Photo credit: Peter E. Kurtze , 08/1994

Property Name: Brick House on the Pike
Date Listed: 1/11/1996
Inventory No.: HO-25
Location: 9564, National Pike (US 40), Ellicott City, Howard County

Description: The building traditionally known as the Brick House on the Pike is a large two-story, side-passage, double-pile plan house constructed c. 1817. A service wing extending from the east gable incorporates an earlier (possibly mid-18th century) structure; the wing was raised to 1 1/2 stories in the early 20th century. The south facade of the main block is three bays wide, with the principal entrance located in the easternmost bay. The entrance consists of a six-panel door in a paneled jamb, surmounted by a fanlight with metal tracery. Most windows on the main block are 12/12 sash on the first floor and 12/8 on the second, topped with jack arches, the jack arches on the first floor being multi-coursed, while those on the second floor are one brick high. An elaborate gougework bed mold enriches the boxed cornice. The ground floor of the south facade is spanned by a broad shed-roofed porch supported by Colonial Revival-style Tuscan columns. The porch has a boxed cornice with bed and crown molds. The west gable end of the main block is pierced only by two small square 2/2 windows lighting the attic. A tall, parapet-style flush end chimney on the west gable end is corbeled out from the wall plane approximately one inch. The east gable end of the main block, above the roofline of the wing, has a single window opening holding a 9-light casement located to the south of center. Both gables are finished with beaded, tapered rakeboards. Windows in the wing are mostly 6/6 sash, apart from the south facade which holds early-20th century double French doors with a 4-light transom in the west bay, and 12/12 sash windows in the other bays. Also, the single window beside the entrance in the east gable end of the wing has 9/9 lights. The south facade of the wing is covered by a one-bay shed-roofed porch. The south roof slope is pierced by three 6/6 sash gable-roofed dormer windows. A flush chimney rises from the east gable end of the wing. The interior of the main block remains essentially unaltered, with the majority of its original Federal style decorative detailing intact, including an arch in the stair passage with reeded columns and punch-and-gougework detailing, a highly ornamental open-well stair, molded plaster cornices, mantels, six-panel doors, door and window architrave trim, and baseboards. Also on the property and contemporary with the main house are a stone stable/carriage house and a stone foundation, probably that of an ice house; in addition, there are three board-and-batten outbuildings dating from the late 19th or early 20th century.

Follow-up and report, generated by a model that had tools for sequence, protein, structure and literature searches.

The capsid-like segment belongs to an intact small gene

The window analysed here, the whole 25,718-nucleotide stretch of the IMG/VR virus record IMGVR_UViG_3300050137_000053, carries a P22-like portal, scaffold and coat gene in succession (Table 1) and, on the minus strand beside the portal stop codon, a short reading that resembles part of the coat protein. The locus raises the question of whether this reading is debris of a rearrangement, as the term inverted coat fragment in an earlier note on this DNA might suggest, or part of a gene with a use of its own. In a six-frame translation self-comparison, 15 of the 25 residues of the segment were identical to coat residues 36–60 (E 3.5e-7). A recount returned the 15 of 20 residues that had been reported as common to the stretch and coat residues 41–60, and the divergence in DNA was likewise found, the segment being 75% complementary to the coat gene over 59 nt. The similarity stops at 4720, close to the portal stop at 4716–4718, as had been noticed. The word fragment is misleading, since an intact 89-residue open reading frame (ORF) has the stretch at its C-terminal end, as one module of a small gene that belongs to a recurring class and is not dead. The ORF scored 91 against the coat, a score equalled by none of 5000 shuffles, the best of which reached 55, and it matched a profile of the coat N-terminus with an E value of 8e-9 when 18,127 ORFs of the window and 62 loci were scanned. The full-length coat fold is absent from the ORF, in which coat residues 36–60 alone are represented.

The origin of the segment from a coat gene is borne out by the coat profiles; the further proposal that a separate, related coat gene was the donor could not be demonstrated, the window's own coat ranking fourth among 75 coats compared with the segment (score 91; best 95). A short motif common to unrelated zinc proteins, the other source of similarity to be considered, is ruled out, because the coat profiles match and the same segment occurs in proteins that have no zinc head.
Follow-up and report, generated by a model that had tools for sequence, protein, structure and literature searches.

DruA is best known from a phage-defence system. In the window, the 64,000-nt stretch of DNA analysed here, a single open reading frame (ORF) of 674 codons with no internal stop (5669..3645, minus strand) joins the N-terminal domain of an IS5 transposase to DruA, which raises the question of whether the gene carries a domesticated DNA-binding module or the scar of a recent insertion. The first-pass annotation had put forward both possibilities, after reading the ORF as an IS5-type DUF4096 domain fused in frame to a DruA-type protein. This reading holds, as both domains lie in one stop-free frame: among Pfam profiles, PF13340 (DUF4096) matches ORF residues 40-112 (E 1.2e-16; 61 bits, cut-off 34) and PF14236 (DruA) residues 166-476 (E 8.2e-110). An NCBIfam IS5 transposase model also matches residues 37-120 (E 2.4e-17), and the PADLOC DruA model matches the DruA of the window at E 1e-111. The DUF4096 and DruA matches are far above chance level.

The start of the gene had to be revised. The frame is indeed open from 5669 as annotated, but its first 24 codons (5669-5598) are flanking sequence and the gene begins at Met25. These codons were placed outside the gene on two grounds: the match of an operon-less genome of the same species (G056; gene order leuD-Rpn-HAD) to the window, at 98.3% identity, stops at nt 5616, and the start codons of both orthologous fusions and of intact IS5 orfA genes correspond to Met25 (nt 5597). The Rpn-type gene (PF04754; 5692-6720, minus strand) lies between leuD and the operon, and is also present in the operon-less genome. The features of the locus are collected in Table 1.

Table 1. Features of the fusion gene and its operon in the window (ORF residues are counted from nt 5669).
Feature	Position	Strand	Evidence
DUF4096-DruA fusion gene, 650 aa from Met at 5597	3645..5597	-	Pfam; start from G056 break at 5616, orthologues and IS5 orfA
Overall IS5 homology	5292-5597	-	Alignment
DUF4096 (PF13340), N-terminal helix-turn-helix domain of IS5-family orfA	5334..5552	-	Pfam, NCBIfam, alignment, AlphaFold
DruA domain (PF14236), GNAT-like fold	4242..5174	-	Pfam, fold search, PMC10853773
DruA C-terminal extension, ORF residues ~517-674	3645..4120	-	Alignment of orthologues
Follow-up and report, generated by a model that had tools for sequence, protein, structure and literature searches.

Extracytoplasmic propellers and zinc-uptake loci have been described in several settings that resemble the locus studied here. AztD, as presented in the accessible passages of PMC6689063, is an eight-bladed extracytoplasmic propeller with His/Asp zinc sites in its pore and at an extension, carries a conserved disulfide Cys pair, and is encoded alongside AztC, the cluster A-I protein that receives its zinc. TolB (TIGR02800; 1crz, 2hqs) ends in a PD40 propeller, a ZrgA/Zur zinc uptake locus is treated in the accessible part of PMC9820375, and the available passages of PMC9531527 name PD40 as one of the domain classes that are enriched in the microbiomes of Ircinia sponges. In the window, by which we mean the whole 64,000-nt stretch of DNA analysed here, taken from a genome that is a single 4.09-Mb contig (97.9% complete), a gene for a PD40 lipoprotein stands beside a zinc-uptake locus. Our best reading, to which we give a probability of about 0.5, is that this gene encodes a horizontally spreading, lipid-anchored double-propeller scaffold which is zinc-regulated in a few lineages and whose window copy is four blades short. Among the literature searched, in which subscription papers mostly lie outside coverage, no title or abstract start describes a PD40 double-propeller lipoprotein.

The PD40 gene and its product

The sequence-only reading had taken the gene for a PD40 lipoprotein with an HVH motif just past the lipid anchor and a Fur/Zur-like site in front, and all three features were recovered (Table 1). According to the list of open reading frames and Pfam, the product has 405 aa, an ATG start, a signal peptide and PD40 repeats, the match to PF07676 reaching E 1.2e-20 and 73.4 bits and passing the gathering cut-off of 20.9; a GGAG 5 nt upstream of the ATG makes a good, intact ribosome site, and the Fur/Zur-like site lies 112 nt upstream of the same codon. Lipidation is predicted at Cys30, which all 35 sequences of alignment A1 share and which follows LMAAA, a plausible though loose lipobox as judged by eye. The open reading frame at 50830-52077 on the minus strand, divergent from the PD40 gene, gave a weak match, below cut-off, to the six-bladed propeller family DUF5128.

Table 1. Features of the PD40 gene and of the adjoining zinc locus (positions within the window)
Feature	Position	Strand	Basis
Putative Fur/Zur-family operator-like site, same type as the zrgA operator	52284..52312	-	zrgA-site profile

Significance: The Brick House on the Pike is significant for its architecture, as a well-preserved example of a side-passage, double-pile house of the Federal period, exhibiting outstanding craftsmanship in its construction and decorative detailing. Perhaps a half-dozen examples of this type survive in Howard County; Brick House is distinguished among them by the exceptionally high quality of its interior finish. A clear hierarchy of the use of space is apparent in the decorative detailing, which becomes progressively less elaborate as the spaces become less public: the entrance hall and front parlor are most richly detailed, and the degree of elaboration diminishes through the first-floor rear room, the second-floor stair passage, chambers, and attic. The architectural significance of this resource is enhanced by its high degree of integrity; the early features of the house were left essentially untouched in the c. 1907 alterations, and have remained intact and unrestored to the present day.




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